The curators selected works that are considered to be contextual seedbeds for social change. The changing role of art in society is one where it does not just create a new aesthetics but gets involved in patterns of social, scientific, and technological transformations.
Fields presents a lively landscape of art that challenges existing viewpoints and deconstructs social issues, but also proposes positive visions for the future. A premise behind this project was from the very start that no single field and associated label can do justice any more to the diversity of contemporary art practices. Typically, today, the most interesting practices are transdisciplinary and transformative - they rely on new combinations of existing fields-as-in-disciplines, combining the artistic with the social and the natural, the scientific and the emotional, the sensible with the actual.
Fields opens up the contemporary field for a free and associative play of radical taxonomies, remixing and recombining existing categories, thereby carrying out important boundary work that gives a new shape to the contact zones between art, science, technology and social engagement in the 21st century.
While the final list of artists may still change, we would like to present some examples for the radical diversity of approaches:
The relationship with nature plays a major role in this exhibition, often in combination with ideas from the open culture that emerged on the net, about sharing resources and tackling social issues through participatory and social mechanisms. In some cases, such as Leave it in the Ground by Oliver Ressler (2013), or Seedsunderground (2013-14) by Shu Lea Cheang, the work carries a clear and direct political message, concerning issues such as renewable energy, sustainability or the fight for the diversity of agricultural seeds and plants.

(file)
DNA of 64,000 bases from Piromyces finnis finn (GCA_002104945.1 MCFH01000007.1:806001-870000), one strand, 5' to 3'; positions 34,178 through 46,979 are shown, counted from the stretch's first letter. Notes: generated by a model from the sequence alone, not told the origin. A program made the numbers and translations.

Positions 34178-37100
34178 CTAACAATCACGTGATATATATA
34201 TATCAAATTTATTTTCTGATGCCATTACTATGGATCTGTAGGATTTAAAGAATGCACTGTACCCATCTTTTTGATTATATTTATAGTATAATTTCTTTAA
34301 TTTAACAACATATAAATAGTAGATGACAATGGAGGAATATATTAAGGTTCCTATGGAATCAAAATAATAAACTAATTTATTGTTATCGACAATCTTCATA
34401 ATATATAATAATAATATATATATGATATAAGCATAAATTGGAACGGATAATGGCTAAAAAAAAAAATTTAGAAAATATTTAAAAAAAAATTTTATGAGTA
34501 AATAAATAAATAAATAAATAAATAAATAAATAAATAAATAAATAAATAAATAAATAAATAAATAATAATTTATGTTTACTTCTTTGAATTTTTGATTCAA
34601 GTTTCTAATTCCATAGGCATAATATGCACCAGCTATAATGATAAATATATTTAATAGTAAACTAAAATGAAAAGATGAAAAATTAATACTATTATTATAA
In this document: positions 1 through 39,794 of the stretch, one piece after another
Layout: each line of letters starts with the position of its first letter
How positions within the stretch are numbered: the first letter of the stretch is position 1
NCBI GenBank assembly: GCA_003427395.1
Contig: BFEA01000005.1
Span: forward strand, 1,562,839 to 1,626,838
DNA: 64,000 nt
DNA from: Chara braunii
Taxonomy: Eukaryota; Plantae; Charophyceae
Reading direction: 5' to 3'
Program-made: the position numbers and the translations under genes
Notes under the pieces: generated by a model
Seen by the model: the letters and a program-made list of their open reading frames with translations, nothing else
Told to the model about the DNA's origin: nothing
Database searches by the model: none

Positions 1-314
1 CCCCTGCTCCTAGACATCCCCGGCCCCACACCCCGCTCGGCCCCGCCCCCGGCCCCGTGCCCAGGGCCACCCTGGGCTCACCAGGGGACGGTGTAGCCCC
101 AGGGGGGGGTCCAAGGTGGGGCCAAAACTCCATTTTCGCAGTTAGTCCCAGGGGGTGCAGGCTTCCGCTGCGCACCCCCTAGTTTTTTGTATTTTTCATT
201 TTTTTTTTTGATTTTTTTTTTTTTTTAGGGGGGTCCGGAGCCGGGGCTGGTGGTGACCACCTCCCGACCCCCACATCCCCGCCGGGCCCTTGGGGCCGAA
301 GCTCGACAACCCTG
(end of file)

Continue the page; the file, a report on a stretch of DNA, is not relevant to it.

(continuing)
Other work, less overtly political, opens our senses and minds to new ways of seeing the world, referring to what French philosopher Jaques Rancière calls the 'distribution of the sensible'. Lisa Jevbratt shows how different reality is if we imagine to look at the world with animal eyes.
In her work Foraging fields (2014) the Belgian artist Annemie Maes from collective Okno combines rooftop gardening and beehives to create new maps of the distribution of plant life in cities. Erich Berger measures changes in the magnetic field of the Earth. Manu Luksch offers a free ride on a water taxi in exchange for a conversation with Kayak Libre (2011).